I’m a mathematical simpleton: I like numbers, but not too many and only when I can understand them and how they all fit together.
For instance, let’s consider the federal budget since 1996:
2010 United States federal budget – $3.6 trillion (submitted 2009 by President Obama)
2009 United States federal budget – $3.10 trillion (submitted 2008 by President Bush)
2008 United States federal budget – $2.90 trillion (submitted 2007 by President Bush)
2007 United States federal budget – $2.77 trillion (submitted 2006 by President Bush)
2006 United States federal budget – $2.7 trillion (submitted 2005 by President Bush)
2005 United States federal budget – $2.4 trillion (submitted 2004 by President Bush)
2004 United States federal budget – $2.3 trillion (submitted 2003 by President Bush)
2003 United States federal budget – $2.2 trillion (submitted 2002 by President Bush)
2002 United States federal budget – $2.0 trillion (submitted 2001 by President Bush)
2001 United States federal budget – $1.9 trillion (submitted 2000 by President Clinton)
2000 United States federal budget – $1.8 trillion (submitted 1999 by President Clinton)
1999 United States federal budget – $1.7 trillion (submitted 1998 by President Clinton)
1998 United States federal budget – $1.7 trillion (submitted 1997 by President Clinton)
1997 United States federal budget – $1.6 trillion (submitted 1996 by President Clinton)
1996 United States federal budget – $1.6 trillion (submitted 1995 by President Clinton)
So here we have over a doubling of government spending in 14 years. Is this in anyway sustainable? Do we need twice the government now we needed 14 years ago? Some of these increases year-to-year may seem slight, but for me, $200 billion is no chump change!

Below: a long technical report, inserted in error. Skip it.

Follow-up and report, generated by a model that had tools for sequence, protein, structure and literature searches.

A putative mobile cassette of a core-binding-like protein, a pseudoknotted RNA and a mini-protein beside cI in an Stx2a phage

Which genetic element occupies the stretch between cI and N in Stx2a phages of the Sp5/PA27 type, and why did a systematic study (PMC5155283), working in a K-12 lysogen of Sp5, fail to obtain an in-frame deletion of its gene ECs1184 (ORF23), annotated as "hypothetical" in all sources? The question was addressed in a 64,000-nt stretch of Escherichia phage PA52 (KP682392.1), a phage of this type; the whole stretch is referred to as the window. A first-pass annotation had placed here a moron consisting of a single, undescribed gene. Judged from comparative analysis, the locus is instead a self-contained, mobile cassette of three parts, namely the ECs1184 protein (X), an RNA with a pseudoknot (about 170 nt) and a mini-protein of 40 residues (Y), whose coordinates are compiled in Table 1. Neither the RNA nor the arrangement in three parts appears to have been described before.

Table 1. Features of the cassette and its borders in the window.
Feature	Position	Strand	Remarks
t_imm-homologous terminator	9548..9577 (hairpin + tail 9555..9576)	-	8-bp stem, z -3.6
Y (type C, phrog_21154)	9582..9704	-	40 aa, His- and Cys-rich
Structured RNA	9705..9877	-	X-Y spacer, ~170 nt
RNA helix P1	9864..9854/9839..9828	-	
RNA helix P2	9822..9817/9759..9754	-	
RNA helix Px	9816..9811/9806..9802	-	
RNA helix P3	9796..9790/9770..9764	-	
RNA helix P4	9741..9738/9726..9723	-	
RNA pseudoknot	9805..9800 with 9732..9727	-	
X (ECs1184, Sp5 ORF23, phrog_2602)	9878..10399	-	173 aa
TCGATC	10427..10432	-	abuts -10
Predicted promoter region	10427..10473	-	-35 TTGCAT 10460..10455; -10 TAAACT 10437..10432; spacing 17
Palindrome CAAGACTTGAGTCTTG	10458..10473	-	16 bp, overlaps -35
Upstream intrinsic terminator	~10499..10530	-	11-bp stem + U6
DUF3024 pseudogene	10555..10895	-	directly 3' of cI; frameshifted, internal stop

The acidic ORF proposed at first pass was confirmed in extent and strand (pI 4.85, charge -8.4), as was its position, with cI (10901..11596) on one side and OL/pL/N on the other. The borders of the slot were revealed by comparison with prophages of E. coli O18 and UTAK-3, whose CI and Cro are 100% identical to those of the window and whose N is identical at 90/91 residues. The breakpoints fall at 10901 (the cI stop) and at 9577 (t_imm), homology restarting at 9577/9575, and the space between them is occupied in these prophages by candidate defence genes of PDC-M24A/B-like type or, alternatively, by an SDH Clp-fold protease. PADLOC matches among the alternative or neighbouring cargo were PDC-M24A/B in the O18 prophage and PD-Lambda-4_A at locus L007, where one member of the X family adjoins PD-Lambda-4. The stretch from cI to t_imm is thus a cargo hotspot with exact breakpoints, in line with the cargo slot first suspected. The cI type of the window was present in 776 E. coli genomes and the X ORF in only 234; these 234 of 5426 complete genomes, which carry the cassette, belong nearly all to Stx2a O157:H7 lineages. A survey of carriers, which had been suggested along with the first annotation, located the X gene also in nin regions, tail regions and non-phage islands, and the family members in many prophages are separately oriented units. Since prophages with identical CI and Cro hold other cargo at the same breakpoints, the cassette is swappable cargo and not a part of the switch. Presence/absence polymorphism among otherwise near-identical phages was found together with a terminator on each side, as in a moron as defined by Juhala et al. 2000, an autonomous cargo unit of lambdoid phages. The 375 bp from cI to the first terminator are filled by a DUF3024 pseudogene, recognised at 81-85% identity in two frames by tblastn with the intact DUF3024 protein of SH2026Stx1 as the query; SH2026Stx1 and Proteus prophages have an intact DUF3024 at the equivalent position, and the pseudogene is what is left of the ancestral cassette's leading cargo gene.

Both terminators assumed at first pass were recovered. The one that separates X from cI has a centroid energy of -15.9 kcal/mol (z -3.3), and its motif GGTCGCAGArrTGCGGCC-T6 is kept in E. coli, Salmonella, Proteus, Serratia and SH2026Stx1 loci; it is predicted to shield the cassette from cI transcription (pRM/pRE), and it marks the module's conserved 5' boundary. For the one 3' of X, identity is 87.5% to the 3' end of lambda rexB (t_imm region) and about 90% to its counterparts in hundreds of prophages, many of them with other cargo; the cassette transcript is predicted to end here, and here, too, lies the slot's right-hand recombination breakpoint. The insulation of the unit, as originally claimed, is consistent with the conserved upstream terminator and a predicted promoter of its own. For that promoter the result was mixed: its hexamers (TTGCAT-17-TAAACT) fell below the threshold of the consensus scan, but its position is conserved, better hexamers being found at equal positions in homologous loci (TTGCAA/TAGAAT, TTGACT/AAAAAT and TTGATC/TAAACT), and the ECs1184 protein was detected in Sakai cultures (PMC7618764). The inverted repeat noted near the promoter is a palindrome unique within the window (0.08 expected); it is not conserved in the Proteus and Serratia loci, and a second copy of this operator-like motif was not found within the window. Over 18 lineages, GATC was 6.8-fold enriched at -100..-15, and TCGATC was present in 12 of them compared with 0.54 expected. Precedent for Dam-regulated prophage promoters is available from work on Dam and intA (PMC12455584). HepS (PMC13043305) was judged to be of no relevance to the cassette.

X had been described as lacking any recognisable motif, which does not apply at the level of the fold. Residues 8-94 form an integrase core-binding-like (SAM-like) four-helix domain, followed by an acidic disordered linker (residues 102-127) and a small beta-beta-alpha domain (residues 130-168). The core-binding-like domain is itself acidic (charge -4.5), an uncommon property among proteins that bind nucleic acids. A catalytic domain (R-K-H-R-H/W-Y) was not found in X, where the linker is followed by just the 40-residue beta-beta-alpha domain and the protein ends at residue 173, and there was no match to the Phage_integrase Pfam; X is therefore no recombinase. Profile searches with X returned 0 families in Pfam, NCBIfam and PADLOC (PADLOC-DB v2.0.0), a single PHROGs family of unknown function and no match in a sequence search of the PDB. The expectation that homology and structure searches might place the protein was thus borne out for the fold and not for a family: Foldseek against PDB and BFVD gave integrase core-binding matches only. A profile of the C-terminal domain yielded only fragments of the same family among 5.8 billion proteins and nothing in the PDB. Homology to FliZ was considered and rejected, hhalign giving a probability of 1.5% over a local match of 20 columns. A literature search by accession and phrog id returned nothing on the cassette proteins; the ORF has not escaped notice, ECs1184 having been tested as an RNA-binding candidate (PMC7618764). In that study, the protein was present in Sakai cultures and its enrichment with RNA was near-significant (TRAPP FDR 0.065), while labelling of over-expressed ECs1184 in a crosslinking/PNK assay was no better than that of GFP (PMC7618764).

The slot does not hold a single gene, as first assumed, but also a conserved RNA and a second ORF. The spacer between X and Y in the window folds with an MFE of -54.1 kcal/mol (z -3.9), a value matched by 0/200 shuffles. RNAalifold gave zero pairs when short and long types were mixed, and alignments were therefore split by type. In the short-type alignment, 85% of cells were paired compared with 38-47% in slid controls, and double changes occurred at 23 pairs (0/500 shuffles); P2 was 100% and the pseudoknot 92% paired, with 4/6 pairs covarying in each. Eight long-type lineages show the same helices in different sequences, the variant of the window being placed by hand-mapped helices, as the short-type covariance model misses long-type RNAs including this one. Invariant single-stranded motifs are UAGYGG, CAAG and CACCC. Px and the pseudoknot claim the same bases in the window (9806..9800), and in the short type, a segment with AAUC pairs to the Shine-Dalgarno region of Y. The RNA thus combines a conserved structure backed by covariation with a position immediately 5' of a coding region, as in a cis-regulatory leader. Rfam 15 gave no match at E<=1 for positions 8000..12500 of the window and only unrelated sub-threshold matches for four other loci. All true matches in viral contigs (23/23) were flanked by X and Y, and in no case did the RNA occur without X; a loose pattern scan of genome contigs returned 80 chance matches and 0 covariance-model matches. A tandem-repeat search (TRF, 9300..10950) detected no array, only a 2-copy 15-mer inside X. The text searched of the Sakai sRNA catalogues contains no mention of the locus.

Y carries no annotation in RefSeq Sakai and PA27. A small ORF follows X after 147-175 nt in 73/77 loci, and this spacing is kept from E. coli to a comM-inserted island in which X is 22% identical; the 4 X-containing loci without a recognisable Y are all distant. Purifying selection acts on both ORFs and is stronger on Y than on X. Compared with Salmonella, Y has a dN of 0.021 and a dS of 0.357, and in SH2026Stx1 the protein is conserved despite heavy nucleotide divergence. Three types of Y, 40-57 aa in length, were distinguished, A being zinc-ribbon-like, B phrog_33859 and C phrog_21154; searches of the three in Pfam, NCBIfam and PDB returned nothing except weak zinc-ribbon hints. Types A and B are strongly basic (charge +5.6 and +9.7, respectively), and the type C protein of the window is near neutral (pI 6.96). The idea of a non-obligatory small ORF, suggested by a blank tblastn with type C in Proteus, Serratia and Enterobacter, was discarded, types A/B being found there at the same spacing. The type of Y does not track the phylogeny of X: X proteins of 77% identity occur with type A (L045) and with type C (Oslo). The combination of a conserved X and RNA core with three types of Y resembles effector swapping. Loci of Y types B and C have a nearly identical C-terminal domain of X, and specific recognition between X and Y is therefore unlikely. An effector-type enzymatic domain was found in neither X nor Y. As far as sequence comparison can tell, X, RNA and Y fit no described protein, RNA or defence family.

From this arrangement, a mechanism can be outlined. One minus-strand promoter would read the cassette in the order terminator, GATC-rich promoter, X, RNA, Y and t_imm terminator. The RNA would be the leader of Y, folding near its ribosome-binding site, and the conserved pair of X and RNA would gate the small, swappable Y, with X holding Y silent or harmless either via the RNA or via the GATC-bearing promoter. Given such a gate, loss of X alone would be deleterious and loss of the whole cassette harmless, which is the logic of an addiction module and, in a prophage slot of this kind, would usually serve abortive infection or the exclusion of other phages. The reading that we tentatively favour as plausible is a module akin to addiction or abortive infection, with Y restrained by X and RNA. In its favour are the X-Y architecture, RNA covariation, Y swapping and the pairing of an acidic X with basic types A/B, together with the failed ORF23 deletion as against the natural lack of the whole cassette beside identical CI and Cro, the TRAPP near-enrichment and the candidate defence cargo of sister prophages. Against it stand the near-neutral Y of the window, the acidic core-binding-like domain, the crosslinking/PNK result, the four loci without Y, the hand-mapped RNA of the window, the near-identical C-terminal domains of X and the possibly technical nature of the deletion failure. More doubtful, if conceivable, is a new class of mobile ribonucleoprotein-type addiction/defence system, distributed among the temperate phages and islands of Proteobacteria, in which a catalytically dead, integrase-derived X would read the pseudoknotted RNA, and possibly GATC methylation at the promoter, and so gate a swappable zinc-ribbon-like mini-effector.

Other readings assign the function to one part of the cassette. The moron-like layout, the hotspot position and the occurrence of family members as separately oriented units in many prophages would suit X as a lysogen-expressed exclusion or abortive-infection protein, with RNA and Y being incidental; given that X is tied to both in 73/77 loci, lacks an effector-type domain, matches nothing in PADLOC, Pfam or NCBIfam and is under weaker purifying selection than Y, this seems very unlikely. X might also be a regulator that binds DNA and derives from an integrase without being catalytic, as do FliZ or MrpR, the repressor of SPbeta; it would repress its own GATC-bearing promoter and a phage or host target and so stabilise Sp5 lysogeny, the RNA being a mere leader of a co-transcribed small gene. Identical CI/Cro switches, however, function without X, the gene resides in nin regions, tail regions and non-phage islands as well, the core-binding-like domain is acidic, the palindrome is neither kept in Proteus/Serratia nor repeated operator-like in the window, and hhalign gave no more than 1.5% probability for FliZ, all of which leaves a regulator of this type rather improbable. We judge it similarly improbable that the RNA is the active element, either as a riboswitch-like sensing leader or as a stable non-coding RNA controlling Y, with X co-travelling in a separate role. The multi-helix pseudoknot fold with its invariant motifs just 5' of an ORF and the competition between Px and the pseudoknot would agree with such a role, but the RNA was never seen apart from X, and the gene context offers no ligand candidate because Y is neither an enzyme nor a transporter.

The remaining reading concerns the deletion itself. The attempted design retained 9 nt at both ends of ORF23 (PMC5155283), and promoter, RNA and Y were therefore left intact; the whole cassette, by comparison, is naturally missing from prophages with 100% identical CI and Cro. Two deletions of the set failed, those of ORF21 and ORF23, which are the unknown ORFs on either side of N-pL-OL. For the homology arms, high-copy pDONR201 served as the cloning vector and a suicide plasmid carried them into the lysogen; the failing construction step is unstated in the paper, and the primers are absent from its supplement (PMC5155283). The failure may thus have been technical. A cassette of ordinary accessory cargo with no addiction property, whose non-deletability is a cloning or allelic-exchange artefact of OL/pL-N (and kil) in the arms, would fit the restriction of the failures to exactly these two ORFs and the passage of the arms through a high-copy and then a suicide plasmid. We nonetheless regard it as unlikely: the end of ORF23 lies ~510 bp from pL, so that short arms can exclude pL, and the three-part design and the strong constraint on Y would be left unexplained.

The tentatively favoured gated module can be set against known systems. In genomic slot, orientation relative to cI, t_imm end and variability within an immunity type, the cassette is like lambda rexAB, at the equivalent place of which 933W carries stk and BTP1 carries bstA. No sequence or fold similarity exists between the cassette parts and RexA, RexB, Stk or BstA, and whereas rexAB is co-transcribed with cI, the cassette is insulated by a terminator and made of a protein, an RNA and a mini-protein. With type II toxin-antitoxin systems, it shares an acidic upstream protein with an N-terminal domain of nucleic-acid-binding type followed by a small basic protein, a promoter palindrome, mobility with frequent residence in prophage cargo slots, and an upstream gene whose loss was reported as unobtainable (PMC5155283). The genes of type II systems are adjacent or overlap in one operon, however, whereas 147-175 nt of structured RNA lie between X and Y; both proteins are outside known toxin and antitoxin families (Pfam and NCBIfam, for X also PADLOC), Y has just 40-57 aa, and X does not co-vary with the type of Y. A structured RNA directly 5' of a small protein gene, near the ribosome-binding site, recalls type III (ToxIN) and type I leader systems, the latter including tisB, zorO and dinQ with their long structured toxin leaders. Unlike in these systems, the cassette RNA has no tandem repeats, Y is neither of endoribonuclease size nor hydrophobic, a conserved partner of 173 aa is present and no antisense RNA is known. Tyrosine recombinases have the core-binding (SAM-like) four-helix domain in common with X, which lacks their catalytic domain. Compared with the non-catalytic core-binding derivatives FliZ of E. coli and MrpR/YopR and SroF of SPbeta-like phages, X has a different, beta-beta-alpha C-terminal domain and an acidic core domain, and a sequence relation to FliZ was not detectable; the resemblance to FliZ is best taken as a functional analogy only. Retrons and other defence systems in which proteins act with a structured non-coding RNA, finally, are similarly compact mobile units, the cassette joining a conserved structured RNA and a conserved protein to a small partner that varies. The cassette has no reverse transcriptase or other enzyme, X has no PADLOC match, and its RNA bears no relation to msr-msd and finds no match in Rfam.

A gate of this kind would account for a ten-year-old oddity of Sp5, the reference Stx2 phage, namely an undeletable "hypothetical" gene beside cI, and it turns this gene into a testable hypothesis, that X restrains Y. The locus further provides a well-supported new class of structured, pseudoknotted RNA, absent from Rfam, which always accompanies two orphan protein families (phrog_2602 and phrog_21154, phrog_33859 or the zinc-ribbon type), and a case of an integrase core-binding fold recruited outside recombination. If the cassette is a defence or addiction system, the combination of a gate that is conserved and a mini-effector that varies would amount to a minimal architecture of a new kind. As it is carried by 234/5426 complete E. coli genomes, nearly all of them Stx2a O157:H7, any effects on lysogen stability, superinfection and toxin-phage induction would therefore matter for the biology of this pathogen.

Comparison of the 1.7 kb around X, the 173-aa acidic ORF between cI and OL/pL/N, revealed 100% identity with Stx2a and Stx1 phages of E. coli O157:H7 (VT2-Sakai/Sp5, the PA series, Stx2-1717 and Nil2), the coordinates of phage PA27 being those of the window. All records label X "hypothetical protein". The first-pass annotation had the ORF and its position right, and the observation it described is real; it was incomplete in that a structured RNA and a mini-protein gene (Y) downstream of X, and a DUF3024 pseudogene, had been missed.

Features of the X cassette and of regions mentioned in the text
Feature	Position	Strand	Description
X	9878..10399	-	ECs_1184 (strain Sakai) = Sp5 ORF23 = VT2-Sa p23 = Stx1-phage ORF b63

And consider this: if President Obama thinks a $780 billion stimulus package would help the economy, I suggest he slash the federal budget by $2 trillion dollars and see what kind of stimulus is really possible! In fact, let’s do an exercise to see what would happen if he did.
President Obama says that the $780 billion is justified to save or invest in 2.5 to 3 million jobs. Let’s suppose that it results in 2.5 million new jobs (highly unlikely, in my opinion). Let’s calculate the price per job: $312,000 of taxpayer money.
Now, let’s consider how much those jobs cost when done voluntarily. US GDP (a measure of total economic power) is roughly $13.7 trillion. There’s about 130 million employees, if there’s full employment. With unemployment running at about 8 percent, let’s call it 119,000 employees in the U.S. Total cost per employee: $115,126. That’s about a third of the price per job.
Now let’s say he puts $2 trillion back in the economy (for me, government spending is money taken out of the economy) by slashing government. Based on the price per employee of $115,126, how many jobs would be created from this type of stimulus? 17,372,270. That would solve our unemployment problem and then some.
What does this tell us? At the very least, it illustrates the idea that the market is much more efficient at allocating resources than the government (roughly three times as much).
Also consider that if the $2 trillion of government spending was pulled from areas which hamper job growth and restrain businesses from starting and growing, how much easier it would be for a small business owner to get going and hire people.
Now that’s a stimulus package.